The scythe of death, this time, cut a writer’s throat, who spent much of his life reading and writing about life and death, love and chivalry. A young curious bookish, in his late 20s, Azam Rahnaward Zaryab was inspired by 19th century German philosopher, Arthur Schopenhauer, whose wisdom about misery of life and truth of death shaped much of what Zaryab wrote about death and life throughout his life as a writer. In his famous novelette Gulnar wa Aena, Gulnar and Mirror, after opening paragraphs, we find a nameless hero, the most captivating character of the story, wandering in a silent graveyard that also in a noiseless night under moon light, contemplating about mystery of life and truth of death.
Born in Rika Khana neighborhood of the Old Kabul in August, 1944, Rahnaward Zaryab was brought up in a middle class family. His eldest brother, back in 1950s and 1960s, was close to intellectual circle of Kabul and the home where Zaryab spent his childhood was one of favorite hangouts of Mir Akbar Khyber, Taher Badakhshi and Babrak Karmal, the prominent left leaders who had dreams of a socialist Afghanistan in their rebellious imaginations.
The young Zaryab, lost in books of different of contents, in particular classic Persian poetry, studied journalism at Kabul University. After graduating from the university, he went to Wales for postgraduate studies. Full of enthusiasm, he returned to his country and began his career as crime reporter for Zhvandoon magazine, Afghanistan’s most read publication during the second half of 20th century.
Unlike most of his contemporary Afghan fellow writers and poets who subscribed to leftist idea, Zaryab showed little interest to join any political party but beyond political reservation of his young age, he made and kept a friendly relationship with Parcham leaders, an offshoot of People’s Democratic Party of Afghanistan. In some of his write-ups, he described the guest house of his family home as a room where current affairs, politics, poetry, philosophy, Islamic mysticism, and Persian literature were the topics mostly discussed over cups of tea.
Mr. Zaryab was eagerly obsessed with words and expressions every single word can leave on minds of his readers and audience. He would speak slow but articulate as he was writing clear, descriptive and passionate. His lifestyle, simple as it was, his thirst for vodka and cigarette, and his admiration for Che Guevara, an Argentine Marxist revolutionary, made Rahnaward Zaryab an impressive character in the eyes of many novice Afghan writers and poets who would most often frequent to his Soviet-built apartment in Kabul and spend hours, enjoying his company, astute wisdom of life and playful attitude towards day-to-day life.
In Gulnar and Mirror, the hero finds himself between ancient Indian myth of creation and Western rationality. He—a young literature student— falls in love with Rubaba, a beautiful maiden whose maternal origin reaches to a dancer in Lucknow of the Indian subcontinent. Like Sadeq Hedayat, a famous 20th century Iranian writer, Zaryab had a deep attachment with Indian myth. The main character in Gulnar and Mirror, Zaryab’s most famous and perhaps most read fiction, has been placed between modern consciousness of time and history and ancient myth of creation. Emphasis of symbolism, metaphor and anecdote captivate us after we read opening sentences of Gulnar and Mirror. Gulnar, who has been condemned to dance before mirror, is a dancer who dances before mirror and dies dancingly. This character and her tale symbolize a metaphor: life is the dancer who dances before mirror, human consciousness.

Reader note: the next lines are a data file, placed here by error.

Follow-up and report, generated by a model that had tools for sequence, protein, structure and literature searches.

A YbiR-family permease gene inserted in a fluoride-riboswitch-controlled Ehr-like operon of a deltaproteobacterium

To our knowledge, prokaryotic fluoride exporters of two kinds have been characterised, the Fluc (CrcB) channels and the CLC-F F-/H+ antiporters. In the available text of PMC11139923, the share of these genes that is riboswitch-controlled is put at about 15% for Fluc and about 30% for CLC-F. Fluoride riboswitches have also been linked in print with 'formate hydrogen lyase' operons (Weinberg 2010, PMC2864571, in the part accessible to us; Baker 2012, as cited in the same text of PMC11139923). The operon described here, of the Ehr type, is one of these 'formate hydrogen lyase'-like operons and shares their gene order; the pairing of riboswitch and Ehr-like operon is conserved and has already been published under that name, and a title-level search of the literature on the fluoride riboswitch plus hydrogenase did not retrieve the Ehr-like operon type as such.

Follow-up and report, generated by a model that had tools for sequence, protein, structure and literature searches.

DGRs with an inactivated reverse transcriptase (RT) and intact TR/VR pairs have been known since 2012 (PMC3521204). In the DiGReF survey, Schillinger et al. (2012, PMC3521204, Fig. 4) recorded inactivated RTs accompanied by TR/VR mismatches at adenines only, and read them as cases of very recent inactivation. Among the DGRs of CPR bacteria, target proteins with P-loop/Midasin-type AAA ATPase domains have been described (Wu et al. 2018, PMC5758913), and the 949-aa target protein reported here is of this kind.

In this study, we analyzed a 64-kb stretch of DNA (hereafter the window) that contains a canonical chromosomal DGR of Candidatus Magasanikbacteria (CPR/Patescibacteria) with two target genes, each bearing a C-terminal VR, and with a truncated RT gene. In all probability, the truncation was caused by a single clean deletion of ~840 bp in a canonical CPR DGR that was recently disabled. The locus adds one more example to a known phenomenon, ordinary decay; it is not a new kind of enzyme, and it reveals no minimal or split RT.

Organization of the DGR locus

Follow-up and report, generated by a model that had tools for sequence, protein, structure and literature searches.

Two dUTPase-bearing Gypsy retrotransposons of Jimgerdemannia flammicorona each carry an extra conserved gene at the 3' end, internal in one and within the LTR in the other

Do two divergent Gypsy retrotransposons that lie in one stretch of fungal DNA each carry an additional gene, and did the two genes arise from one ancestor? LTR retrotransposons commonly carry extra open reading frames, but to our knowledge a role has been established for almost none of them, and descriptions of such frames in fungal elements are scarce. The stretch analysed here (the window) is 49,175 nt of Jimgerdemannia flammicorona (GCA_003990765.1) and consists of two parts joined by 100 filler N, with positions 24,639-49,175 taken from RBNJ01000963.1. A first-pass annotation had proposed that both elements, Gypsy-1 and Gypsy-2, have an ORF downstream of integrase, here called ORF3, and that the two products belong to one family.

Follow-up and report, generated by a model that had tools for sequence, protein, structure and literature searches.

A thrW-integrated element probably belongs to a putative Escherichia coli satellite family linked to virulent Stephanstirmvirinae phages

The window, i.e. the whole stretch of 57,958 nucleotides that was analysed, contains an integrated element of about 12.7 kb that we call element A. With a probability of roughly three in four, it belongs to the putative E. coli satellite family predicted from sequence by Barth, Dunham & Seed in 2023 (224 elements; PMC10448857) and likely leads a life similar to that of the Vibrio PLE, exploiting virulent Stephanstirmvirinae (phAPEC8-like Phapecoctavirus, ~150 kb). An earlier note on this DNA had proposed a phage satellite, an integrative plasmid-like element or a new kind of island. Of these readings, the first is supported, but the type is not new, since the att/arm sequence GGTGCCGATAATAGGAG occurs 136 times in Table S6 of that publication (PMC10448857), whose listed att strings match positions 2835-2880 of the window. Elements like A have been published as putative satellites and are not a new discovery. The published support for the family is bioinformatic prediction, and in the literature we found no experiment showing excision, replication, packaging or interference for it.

Zaryab, who had seen Kabul at peace and in its glory, fled the country in early 1990s, as mujahedeen took control over Kabul and the capital city fell into dark pit of a bloody civil war. Along with his wife, Spozhmai Zaryab, he migrated first to Peshawar, Pakistan, and later sought refuge in France. After collapse of the Taliban regime, he returned to Kabul, a nostalgic city which filled his mind and imagination until his death. He worked as a senior member at the Ministry of Information and Culture. Over last years of his life, Mr. Zaryab lived on a small earning he made through a part-time job, as an editor, at Tolo, Afghanistan’s leading TV channel.
Though Rahnaward Zaryab was a judicious opponent of extremist factions of mujahedeen, in last years of his life, he once publicly admired Ahmad Shah Massoud, a controversial Tajik commander, who fought against Soviet occupation, made a game changing role in toppling the last Soviet-backed government in Kabul, went to a bloody civil war with his fellow mujahedeen brethren, and was assassinated by two al-Qaeda suicide bombers.
Azam Rahnaward Zaryab lived a good life in a country which is mired in turbulent war, devastating chaos, unending uncertainty and growing poverty. His fiction works opened a window for a new generation of story tellers in Afghanistan. He will live in memory of a generation who are struggling to survive and create literary pieces about their time and age. Zaryab was admired and will be admired by a younger generation of writers and poets who owe much to him for his painstaking prose and style.
On December 11, at 77, Zaryab died of Covid-19. His death body was buried in Shuhada-e-Saleheen cemetery of Kabul.